Originally created 08/16/98

Cathedral-like No. 18 can drive golfers mad



REDMOND, Wash. -- Two-time PGA champion Paul Runyan, the first head pro at Sahalee Country Club, once said that hitting down the course's tight fairways was like having to play in a cathedral aisle.

Only in this cathedral there seems to be a lot of cursing, especially down the 18th.

"It's a ridiculous hole," said Andrew Magee, one of the few players to manage a par 4 on the 475-yard hole through two days.

Heading into the third round of the PGA Championship, Sahalee's closing hole has yielded only 10 birdies to 299 players, the fewest of any on the course, and forced 126 bogeys, the most of any hole.

And with a leaderboard jammed with big names and little separation -- courtesy of a course that takes the driver out of play -- the winner of the PGA Championship could very well be the player who survives the 18th.

"The championship will be determined on the 18th, yes," said Colin Montgomerie. "There's no question about that."

The 18th is one of two holes that the PGA of America converted into a par 4, its best defense against players who have become longer and straighter off the tee.

The tee box was moved up about 60 yards, which makes the landing area extremely tight, sloping to the right. And the fairways are running like hallway carpet in a four-star hotel, which makes it even more difficult to find the short grass.

If that's not enough, the landing area can't be seen from the tee.

"We're landing our balls off the tee shot into an area where we're not supposed to land," Montgomerie said. "It's almost too tight to land it in that particular area. That's the problem. I've hit two drives straight up the middle as I've felt. They've both run into the rough on the right.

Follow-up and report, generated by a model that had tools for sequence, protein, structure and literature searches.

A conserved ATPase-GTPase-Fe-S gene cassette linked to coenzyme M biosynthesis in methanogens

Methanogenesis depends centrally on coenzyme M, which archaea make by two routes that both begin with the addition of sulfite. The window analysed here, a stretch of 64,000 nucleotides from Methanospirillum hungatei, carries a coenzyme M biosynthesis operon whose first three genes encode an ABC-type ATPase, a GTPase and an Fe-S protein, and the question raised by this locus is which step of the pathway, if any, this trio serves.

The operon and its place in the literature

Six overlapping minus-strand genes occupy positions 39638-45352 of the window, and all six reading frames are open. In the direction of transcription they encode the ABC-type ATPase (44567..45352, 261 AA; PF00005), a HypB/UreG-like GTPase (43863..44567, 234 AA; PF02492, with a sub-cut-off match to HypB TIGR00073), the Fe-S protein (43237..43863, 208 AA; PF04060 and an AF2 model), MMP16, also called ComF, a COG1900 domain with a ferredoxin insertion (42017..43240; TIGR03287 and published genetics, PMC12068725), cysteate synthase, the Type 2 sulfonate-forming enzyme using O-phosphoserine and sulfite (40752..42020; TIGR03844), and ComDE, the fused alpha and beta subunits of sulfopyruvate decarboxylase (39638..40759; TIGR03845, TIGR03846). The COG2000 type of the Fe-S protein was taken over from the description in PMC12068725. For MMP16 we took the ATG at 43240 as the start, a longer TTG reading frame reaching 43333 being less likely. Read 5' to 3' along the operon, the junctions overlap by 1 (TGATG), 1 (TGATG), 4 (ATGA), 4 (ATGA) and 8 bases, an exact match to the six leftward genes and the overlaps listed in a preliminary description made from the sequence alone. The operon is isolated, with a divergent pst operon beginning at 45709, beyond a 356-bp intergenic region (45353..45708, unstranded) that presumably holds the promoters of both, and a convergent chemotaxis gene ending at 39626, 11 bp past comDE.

"The 18th, I don't think, is a favorite of all the players. I think I speak on behalf of them all in saying it was designed as a par 5, and a good one."

Miss the fairway, and there's virtually no chance to reach green from at least 200 yards away from thick, matted rough. And with a green that's 120 feet deep, getting up and down after laying up is no small task.

"You're talking about the final hole of the tournament, and you can't get home a lot of the time," Magee said. "It's a beast."

That's been the trend the past couple of years. At Southern Hills in 1994, the PGA changed number No. 16 into a 468-yard par 4. Two par 5s became par 4s at Winged Foot last year.

The last time a closing hole at a major championship was changed into a par 5 was at Oakland Hills for the U.S. Open in 1996. Tom Lehman hit what looked to be a perfect drive, but it took a funky hop into a bunker and he took bogey. Steve Jones won with a par on the 72nd hole.

"The PGA of America and the USGA are reducing the par in these major tournaments," said Steve Stricker. "I don't know for what reason, if they're protecting the course, or the tournament, or the history of it. But the 18th hole isn't a par 4. It's meant to be played as a par 5.

"I don't understand it, but I guess I'm not the person that has to understand it," he said. "I just play it."

The toughest hole on the course after two rounds has been No. 6 -- another par 5 changed to a par 4 at a whopping 480 yards with a green that's not too receptive to a long iron or a 3-wood.

Despite the length of those two holes, not everyone is hitting driver -- in part because the landing areas favor less club, and also because it is critical to keep the ball in play.

And it's not just Tiger Woods. Montgomerie has left his driver in his locker for two days, replacing it with a 5-wood that he has yet to use.

"It's the type of golf course where nobody has an advantage," Frost said. "The long hitters don't have an advantage over the shorter guys. I think it's anybody's game."

And when it comes to No. 18 today, it could be anybody's tournament.

The last three PGA champions have made birdies on the 18th hole in the final round, although the 10-footer by Davis Love III last year at Winged Foot was a mere formality.

At Sahalee, closing with a par might be good enough.